Nevada’s 12% unemployment was highest among all 50 states. Michigan’s rate hit 9% for the first time since January, and Florida’s rate, now at 8.8%, increased for the first time in more than a year.
The state figures largely tracked the national jobless rate, which ticked up to 8.3% in July from 8.2% in June.
Separately, Gallup notes that 56% of voters in swing states say they are not better off than they were four years ago. Only 40% say they are better off. The number of voters who say they aren’t better off is up slightly from when the same question was asked back in January. Who do they blame? Twenty percent point their finger at President Barack Obama, while only 7% blame his predecessor, George W. Bush.
The jobs report from July has been met with familar rhetoric from both sides. Republicans, highlighting the fact that this is the 42nd consecutive month with an unemployment rate of 8% or higher, used it as evidence that President Barack Obama’s economic policies are a failure. Democrats pointed to the gains in employment and again urged Americans not to read too much into the lagging job creation.
So who are we supposed to believe? The basics of the jobs report are pretty straightforward. There were 163,000 jobs created in July, which is slightly higher than the number needed to keep up with population growth. However, 150,000 workers left the workforce. Mish Shedlock notes that “those ‘not’ in the labor force rose by 2,027,000” in the last year, which is a concerning number. Shedlock points out that “[w]ere it not for people dropping out of the labor force, the unemployment rate would be well over 11%.”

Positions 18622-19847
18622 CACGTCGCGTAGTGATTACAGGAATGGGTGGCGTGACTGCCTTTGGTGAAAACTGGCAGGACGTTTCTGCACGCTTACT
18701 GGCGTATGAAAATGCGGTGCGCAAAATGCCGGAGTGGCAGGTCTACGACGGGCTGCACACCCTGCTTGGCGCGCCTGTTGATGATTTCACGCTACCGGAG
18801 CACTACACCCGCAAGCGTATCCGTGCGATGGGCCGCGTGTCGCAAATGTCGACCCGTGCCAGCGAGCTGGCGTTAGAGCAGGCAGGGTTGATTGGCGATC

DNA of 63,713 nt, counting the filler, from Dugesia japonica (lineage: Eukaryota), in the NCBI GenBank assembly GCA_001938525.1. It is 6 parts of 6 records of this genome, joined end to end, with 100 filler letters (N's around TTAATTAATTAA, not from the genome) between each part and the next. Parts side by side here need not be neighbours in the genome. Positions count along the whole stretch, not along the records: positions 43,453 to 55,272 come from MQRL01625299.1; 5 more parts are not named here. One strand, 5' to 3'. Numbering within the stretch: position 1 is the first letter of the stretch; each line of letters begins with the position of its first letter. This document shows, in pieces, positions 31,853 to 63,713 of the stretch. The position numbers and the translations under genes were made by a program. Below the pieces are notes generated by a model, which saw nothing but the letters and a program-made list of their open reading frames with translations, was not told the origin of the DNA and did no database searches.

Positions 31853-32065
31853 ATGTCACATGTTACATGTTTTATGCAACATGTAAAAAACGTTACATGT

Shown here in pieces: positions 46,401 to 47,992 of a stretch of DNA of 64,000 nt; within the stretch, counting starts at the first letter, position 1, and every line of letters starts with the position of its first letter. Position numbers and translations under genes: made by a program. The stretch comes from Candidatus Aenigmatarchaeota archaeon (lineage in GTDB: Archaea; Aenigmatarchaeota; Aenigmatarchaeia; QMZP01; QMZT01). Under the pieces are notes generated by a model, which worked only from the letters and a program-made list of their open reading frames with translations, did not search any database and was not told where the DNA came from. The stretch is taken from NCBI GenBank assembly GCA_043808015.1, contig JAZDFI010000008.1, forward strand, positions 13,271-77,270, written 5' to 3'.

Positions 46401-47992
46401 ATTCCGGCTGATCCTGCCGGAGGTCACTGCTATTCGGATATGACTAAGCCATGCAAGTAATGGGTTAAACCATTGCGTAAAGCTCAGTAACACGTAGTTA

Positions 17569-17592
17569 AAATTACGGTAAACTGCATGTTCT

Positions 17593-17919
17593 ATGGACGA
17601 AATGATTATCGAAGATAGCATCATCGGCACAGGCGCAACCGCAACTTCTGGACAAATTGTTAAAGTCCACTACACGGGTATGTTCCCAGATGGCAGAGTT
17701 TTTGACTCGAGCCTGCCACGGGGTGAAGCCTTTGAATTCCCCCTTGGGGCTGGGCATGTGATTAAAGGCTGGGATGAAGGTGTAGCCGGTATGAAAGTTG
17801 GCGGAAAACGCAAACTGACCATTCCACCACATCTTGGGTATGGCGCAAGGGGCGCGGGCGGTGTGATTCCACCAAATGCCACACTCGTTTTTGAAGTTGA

If that number isn’t overwhelming enough, the Hamilton Project estimates that, given current job growth trends, unemployment will not fall to pre-recession levels until 2025:
It’s that time of the month again. Everyone closely following the presidential election is closely looking at the Bureau of Labor Statistics’ monthly jobs report. According to the BLS, the economy added a net of 163,000 jobs in July, but the unemployment ticked up to 8.3%.
The good news for President Barack Obama is that the report beat the 100,000 consensus estimate from observers. The +163,000 does, though just barely, surpass the number of +125,000 to +150,000 needed just to keep up with population growth. The bad news is that some 150,000 workers left the labor force last month, the U-6 employment increased to 15%, and the numbers for June were revised downward, from +80,000 to +64,000. Also, the number of unemployed increased by 45,000 in July.
Basically, the hard number of jobs created last month is good for Obama. But the fact that unemployment is still over 8% for the 42nd straight month is a point that is going to be hammered home by Mitt Romney and Republicans.